She fought this loneliness, however, with a series of love affairs. In the 1910s and ’20s in New York, she had romances with Russian actress Alla Nazimova, dancer Isadora Duncan, and famed stage actress Eva Le Gallienne, who inspired her to write plays. All told, De Costa wrote nearly a dozen plays, plus three volumes of poetry and a novel, but only four of her plays were ever produced. One of the better-received ones was Jacob Slovak, which dealt with anti-Semitism; it impressed critics when it ran on Broadway in 1927, with The New York Times calling it “honest and interesting.” Some of her plays had coded gay references, but De Acosta believed the primary barrier she faced was that critics thought her a wealthy dilettante and didn’t take her work seriously.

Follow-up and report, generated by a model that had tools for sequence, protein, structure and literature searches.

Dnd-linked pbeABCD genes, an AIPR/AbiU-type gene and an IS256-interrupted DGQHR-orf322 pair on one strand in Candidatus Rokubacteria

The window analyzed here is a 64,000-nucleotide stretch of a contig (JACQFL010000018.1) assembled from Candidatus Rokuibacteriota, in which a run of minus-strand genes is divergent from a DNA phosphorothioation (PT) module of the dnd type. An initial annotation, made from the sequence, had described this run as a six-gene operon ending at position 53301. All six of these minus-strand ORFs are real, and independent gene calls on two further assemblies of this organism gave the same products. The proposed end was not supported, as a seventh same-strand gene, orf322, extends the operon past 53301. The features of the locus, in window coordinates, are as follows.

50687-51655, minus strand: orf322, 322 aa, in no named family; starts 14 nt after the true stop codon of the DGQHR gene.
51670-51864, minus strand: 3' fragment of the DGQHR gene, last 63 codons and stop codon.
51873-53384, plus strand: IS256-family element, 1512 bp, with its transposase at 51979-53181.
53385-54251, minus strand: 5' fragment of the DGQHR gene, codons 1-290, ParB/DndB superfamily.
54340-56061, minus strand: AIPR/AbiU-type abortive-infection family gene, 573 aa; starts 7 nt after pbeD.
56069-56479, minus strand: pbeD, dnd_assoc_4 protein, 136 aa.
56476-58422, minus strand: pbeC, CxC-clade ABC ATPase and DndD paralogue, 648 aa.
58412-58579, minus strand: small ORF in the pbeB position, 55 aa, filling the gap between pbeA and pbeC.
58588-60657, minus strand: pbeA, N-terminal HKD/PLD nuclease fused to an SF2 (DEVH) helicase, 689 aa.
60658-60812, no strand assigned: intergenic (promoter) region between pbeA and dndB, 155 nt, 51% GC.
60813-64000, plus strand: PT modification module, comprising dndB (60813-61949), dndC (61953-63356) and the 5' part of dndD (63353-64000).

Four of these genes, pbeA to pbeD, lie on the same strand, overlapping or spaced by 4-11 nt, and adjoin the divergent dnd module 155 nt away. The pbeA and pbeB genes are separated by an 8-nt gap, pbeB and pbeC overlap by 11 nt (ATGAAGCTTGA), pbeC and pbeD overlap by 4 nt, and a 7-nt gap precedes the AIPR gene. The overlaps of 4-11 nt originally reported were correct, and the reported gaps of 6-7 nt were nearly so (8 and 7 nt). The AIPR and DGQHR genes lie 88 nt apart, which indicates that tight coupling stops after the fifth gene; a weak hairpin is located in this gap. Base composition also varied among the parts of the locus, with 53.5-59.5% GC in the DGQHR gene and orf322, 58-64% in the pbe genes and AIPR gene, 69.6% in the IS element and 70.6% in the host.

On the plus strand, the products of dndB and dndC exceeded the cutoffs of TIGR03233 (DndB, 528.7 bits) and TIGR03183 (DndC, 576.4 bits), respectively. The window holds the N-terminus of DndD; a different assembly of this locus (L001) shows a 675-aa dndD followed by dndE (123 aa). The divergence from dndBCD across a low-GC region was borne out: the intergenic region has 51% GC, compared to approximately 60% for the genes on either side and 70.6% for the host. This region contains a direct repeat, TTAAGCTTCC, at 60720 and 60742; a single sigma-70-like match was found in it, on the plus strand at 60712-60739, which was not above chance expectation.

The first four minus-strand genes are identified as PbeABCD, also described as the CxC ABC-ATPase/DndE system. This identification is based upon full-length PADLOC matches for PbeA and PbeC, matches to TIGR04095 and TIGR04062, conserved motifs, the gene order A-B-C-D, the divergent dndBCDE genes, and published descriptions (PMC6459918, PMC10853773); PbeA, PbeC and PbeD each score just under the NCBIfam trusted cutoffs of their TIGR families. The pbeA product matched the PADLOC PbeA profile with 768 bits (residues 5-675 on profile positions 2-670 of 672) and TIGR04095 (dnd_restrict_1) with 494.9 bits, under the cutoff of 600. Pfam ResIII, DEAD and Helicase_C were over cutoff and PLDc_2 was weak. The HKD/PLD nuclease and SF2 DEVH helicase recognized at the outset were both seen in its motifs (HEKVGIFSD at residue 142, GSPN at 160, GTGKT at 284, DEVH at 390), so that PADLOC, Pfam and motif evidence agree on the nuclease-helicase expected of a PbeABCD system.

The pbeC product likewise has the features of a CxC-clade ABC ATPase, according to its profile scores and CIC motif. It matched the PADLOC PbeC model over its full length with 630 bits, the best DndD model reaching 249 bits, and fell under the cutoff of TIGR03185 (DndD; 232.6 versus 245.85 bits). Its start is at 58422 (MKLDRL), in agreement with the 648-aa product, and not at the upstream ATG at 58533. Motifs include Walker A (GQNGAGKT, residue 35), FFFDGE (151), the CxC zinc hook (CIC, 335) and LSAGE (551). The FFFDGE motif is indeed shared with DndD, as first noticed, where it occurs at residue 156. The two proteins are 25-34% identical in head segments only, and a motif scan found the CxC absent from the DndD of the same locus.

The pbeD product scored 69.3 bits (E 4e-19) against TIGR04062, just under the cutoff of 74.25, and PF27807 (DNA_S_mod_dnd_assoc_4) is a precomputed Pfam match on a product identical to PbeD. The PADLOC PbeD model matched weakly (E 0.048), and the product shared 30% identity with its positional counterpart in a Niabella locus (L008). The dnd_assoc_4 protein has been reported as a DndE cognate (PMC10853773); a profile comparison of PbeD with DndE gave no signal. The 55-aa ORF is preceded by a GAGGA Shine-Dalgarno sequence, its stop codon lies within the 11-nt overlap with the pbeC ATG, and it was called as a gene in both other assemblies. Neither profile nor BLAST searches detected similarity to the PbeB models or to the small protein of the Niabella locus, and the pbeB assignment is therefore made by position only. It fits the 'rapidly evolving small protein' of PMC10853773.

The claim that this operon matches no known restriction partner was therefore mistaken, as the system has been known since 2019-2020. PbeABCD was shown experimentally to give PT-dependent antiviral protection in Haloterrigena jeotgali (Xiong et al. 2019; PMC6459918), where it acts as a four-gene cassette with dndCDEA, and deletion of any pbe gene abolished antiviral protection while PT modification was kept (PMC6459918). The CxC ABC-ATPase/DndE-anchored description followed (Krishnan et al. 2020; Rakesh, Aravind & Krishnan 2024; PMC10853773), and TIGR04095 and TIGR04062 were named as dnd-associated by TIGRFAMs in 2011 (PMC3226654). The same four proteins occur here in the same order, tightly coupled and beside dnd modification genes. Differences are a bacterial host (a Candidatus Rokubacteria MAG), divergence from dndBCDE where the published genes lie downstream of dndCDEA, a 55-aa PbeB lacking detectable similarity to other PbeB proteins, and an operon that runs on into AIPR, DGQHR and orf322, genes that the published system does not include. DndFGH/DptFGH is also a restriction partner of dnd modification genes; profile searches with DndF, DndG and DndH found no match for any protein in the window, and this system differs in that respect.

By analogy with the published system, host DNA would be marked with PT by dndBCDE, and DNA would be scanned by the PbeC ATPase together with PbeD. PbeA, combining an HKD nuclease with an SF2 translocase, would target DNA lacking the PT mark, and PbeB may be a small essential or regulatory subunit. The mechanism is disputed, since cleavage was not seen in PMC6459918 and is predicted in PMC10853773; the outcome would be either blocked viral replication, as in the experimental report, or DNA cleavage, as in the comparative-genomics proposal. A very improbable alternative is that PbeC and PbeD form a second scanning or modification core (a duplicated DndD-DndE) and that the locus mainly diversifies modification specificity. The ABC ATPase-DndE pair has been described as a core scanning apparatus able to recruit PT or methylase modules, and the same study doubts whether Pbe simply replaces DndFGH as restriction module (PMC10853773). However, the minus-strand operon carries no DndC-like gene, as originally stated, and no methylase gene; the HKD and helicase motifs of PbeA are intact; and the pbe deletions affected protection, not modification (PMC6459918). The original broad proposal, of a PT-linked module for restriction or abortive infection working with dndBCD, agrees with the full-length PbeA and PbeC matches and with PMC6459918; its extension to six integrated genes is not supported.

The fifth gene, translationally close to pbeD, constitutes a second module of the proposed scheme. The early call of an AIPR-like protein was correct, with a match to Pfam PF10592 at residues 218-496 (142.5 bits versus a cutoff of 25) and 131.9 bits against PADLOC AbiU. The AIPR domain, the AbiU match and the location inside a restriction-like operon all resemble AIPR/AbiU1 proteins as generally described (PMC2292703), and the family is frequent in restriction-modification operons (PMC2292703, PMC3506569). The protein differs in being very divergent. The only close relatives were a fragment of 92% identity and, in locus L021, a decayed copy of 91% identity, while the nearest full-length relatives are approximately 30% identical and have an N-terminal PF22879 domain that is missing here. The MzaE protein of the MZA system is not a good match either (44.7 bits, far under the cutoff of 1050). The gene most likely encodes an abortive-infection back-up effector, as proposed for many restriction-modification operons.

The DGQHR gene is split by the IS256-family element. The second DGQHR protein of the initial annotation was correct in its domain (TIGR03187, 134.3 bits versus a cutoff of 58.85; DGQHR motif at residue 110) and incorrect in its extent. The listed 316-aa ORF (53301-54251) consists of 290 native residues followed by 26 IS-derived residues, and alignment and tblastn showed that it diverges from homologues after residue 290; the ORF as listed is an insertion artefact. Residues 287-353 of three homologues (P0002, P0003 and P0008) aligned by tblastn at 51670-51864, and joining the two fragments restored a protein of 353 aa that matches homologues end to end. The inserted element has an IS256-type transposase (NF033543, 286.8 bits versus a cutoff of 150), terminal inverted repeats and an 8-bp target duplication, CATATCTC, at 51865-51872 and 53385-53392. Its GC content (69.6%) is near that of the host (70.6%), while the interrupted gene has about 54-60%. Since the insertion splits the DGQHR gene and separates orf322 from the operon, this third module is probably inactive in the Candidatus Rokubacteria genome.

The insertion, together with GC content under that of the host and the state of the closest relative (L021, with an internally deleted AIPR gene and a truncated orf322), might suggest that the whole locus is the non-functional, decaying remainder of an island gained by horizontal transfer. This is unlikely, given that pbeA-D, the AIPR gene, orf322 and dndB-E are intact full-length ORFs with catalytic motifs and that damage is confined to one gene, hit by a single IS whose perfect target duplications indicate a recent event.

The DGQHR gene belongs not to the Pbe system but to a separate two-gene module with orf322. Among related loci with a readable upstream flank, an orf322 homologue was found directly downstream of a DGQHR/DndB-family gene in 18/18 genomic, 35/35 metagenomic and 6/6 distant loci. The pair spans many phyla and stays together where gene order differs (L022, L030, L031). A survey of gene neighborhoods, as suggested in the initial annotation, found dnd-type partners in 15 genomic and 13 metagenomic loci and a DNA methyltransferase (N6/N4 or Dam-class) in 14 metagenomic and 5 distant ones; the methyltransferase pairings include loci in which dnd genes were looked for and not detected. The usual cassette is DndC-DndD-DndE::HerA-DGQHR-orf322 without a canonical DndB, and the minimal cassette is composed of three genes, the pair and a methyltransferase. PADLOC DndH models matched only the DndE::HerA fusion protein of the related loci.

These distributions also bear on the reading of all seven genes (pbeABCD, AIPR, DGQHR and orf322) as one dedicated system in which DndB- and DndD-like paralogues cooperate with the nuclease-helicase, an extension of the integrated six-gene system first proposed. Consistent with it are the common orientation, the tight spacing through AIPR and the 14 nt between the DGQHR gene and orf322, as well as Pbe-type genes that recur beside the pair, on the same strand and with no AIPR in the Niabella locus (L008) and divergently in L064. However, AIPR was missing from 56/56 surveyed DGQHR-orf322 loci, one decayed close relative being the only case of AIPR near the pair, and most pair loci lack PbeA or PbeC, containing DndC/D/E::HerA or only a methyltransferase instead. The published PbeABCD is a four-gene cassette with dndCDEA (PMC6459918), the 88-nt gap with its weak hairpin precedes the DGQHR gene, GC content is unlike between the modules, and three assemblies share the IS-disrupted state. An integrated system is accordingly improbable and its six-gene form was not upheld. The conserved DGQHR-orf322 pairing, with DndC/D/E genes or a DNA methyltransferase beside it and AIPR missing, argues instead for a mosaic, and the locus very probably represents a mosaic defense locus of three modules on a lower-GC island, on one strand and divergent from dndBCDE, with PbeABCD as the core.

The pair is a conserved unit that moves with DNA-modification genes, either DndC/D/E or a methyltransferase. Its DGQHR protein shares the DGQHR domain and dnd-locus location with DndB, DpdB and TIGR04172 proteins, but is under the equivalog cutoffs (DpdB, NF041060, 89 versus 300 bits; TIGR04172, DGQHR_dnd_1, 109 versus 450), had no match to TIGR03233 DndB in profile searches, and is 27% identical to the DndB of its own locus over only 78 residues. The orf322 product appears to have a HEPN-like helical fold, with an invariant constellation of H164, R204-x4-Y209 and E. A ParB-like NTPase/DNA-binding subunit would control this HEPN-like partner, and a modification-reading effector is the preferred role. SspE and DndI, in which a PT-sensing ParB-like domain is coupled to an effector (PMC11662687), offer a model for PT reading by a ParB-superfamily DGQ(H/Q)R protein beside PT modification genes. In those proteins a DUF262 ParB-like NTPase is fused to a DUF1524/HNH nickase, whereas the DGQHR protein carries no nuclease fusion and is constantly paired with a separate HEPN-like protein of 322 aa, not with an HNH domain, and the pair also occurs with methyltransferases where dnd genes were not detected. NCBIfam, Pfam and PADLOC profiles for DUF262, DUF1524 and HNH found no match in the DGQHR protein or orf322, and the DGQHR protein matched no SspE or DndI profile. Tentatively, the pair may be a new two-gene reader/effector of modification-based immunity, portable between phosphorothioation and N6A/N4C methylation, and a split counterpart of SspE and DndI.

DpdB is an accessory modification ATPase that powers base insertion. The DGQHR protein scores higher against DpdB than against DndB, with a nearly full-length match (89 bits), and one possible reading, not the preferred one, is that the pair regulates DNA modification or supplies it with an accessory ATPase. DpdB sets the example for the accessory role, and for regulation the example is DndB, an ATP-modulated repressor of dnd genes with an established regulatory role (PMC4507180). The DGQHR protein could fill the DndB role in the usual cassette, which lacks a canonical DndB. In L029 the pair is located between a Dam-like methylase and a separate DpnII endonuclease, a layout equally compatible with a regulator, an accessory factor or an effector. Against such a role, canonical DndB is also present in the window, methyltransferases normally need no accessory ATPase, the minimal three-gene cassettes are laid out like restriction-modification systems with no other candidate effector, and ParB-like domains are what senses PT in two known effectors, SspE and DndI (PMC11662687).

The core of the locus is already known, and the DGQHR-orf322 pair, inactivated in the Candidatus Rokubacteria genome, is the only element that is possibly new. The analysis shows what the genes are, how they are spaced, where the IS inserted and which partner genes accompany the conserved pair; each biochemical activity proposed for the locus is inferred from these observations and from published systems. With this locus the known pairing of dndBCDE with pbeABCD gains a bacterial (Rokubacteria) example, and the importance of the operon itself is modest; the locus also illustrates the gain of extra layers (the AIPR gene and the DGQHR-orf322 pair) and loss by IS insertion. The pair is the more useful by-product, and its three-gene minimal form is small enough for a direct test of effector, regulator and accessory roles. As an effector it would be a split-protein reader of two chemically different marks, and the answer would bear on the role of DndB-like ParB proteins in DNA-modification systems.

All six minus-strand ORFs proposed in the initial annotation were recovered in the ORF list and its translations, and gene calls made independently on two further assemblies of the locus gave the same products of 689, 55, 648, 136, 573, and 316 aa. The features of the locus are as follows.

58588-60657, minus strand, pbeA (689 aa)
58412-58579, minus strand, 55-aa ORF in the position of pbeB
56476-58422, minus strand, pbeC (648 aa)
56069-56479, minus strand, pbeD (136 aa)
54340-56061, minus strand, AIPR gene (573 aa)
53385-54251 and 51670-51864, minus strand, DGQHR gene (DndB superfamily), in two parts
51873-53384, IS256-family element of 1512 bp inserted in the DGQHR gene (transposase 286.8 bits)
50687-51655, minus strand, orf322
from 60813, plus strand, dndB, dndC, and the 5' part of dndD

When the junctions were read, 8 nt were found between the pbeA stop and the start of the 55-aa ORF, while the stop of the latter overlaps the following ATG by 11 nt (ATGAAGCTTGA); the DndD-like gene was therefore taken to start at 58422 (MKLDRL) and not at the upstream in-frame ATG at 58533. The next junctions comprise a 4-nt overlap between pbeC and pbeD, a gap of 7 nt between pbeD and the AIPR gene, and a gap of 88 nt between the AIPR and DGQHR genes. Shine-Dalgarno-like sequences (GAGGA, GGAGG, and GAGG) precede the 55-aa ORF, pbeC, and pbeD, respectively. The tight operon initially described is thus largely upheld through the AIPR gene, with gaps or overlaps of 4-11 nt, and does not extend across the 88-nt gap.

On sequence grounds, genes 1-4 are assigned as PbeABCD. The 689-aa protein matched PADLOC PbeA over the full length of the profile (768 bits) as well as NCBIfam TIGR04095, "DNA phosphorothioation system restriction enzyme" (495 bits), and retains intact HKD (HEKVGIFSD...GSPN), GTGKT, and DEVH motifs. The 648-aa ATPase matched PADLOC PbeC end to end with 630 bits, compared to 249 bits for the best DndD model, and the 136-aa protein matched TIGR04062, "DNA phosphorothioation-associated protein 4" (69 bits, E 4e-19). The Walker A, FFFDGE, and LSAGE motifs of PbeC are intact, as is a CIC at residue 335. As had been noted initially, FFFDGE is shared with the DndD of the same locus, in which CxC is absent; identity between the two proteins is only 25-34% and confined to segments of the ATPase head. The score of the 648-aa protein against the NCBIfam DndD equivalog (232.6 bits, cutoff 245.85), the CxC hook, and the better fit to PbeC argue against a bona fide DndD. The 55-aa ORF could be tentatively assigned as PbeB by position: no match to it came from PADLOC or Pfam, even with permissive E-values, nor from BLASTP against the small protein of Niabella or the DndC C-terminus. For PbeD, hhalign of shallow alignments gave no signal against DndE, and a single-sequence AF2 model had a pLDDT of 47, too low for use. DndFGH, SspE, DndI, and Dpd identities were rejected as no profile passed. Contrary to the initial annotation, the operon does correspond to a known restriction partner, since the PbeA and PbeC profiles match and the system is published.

She went to Hollywood in the 1930s and there met her great love, Garbo. De Acosta and the reclusive star had much in common, including a love of the outdoors, as demonstrated by an idyllic vacation they enjoyed at a lake in California’s Sierra Nevada mountains. De Acosta took a house next door to Garbo’s in Los Angeles’s Brentwood section and began working on a screenplay that would have the beautiful actress dressed as a boy for much of the film. MGM executive Irving Thalberg put a stop to the project, saying, “We have been building Garbo up for years as a great glamorous actress, and now you come along and try to put her in pants and make a monkey out of her.” De Acosta and the elusive Garbo would have an off-and-on relationship for more than a decade, but De Acosta found solace with other women, including Marlene Dietrich, whom she described in a poem as “the essence of the stars and the moon and the mystery of the night.” Also among De Acosta’s lovers were actresses Katharine Cornell, Tallulah Bankhead, and Ona Munson (Belle Watling, the madam, in Gone With the Wind), and dancer Adele Astaire (Fred’s sister).